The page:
(b) issue a directive under section 11 [directive] to the specified municipality.
The province has the explicit power to override the municipality:
12 (1) If a specified municipality fails to comply with a directive issued under section 11 (1), the Lieutenant Governor in Council [i.e. the provincial cabinet], on the recommendation of the minister, may, by order, do one or both of the following:
(a) enact or amend a bylaw referred to in section 584 (1) [ministerial override orders in the public interest] of the Local Government Act;
(b) issue or refuse to issue a permit that the specified municipality may issue under the Community Charter, the Local Government Act, the Vancouver Charter or a prescribed enactment.
(2) The Lieutenant Governor in Council may make an order under subsection (1) in relation to a specified municipality only if satisfied that
(a) the benefit of making the order is greater than the benefit of not making it,
(b) no less onerous alternative would result in the specified municipality meeting, or making satisfactory progress toward meeting, a housing target that applies to it, and
(c) making the order is in the public interest.
(3) On the date specified in an order made under subsection (1),
(a) any bylaw enacted or amended under the order is conclusively deemed to be enacted or amended, as applicable, by the specified municipality in accordance with the order,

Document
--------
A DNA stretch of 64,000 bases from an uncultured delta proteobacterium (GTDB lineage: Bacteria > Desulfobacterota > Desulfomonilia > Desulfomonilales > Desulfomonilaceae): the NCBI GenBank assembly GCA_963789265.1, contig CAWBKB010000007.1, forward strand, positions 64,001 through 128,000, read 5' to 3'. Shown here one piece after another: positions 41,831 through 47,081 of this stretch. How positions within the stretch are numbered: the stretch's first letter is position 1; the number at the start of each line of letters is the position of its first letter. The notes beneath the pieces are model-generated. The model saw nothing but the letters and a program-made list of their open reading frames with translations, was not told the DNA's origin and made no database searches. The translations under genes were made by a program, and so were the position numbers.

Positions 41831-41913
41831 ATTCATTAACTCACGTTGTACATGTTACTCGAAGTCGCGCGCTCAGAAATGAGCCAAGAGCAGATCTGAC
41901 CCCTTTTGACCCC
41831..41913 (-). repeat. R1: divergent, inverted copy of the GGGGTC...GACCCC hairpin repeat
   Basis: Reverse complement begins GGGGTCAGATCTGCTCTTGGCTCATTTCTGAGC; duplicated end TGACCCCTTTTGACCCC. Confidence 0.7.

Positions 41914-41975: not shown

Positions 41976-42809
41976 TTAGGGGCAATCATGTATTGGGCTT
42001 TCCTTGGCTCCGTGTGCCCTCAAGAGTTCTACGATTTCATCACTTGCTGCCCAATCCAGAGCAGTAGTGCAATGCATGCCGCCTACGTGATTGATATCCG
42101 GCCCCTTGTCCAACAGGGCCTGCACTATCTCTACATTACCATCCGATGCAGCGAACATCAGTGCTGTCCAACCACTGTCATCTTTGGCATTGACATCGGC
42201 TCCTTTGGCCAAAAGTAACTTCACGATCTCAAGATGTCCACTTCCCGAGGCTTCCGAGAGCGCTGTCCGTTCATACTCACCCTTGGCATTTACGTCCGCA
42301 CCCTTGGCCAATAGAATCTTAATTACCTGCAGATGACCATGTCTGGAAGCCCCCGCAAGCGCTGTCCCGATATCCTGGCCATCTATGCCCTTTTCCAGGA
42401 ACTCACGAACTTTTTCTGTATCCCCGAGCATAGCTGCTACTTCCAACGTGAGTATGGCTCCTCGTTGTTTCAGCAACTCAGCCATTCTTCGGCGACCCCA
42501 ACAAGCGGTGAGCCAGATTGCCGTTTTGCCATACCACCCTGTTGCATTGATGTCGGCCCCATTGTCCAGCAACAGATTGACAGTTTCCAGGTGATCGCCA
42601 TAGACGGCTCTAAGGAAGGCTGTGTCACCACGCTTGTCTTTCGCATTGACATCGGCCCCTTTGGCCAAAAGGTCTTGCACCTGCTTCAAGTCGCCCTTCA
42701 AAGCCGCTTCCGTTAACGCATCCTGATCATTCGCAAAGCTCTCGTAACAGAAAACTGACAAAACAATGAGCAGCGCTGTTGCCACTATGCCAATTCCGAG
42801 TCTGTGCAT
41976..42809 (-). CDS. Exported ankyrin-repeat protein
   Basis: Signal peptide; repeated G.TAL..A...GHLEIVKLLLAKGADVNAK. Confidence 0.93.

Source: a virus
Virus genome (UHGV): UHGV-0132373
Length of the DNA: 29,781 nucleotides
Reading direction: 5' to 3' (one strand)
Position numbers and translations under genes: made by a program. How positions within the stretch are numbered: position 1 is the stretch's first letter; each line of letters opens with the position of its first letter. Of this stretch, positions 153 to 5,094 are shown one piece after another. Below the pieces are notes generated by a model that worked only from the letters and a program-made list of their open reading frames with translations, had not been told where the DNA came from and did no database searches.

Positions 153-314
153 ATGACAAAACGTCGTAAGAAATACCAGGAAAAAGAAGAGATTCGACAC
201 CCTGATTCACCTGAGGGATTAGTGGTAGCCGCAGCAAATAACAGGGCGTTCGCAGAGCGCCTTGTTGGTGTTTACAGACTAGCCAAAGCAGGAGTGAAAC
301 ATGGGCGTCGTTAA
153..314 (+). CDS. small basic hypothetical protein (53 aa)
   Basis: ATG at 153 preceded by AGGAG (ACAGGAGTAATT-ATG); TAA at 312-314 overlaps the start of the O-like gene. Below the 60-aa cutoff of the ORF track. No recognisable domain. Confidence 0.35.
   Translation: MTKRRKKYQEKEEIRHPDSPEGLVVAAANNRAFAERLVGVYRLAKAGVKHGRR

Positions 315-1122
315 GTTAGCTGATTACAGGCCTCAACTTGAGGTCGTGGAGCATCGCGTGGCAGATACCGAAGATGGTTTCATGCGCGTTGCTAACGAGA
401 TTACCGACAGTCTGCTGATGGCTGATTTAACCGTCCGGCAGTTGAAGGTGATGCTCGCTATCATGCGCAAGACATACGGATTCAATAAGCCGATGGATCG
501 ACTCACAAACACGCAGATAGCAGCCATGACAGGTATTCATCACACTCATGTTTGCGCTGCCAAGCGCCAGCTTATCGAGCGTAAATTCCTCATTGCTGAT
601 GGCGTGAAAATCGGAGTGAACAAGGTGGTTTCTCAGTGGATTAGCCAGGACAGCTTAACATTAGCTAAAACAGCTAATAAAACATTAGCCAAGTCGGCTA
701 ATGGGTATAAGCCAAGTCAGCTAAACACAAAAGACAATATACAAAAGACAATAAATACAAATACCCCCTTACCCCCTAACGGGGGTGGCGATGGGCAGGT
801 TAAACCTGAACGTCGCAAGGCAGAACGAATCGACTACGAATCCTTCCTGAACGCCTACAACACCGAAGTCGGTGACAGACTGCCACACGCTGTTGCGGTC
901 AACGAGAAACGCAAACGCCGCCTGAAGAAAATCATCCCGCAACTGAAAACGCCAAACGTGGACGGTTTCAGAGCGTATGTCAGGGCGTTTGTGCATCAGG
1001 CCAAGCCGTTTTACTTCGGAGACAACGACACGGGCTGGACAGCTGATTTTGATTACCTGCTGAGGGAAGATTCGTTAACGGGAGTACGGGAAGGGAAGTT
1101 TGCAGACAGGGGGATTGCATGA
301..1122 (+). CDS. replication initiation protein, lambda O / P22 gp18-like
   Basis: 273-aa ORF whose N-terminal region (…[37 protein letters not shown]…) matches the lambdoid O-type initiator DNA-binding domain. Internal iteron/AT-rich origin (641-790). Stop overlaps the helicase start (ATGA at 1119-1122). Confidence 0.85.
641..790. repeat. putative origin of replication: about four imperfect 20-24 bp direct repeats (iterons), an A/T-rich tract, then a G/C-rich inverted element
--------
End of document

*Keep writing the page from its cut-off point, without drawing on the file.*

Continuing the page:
(b) any permit issued under the order is conclusively deemed to be issued by the specified municipality in accordance with the order, and
(c) any refusal to issue a permit under the order is conclusively deemed to be a refusal by the specified municipality to issue the permit in accordance with the order.
(4) An order made under subsection (1) must specify a period, not exceeding 2 years from the date the order is made, for the purposes of subsection (5).
(5) Except with the consent of the Lieutenant Governor in Council, a specified municipality must not, before the expiry of the period specified in an order made under subsection (1) in relation to the specified municipality, do any of the following: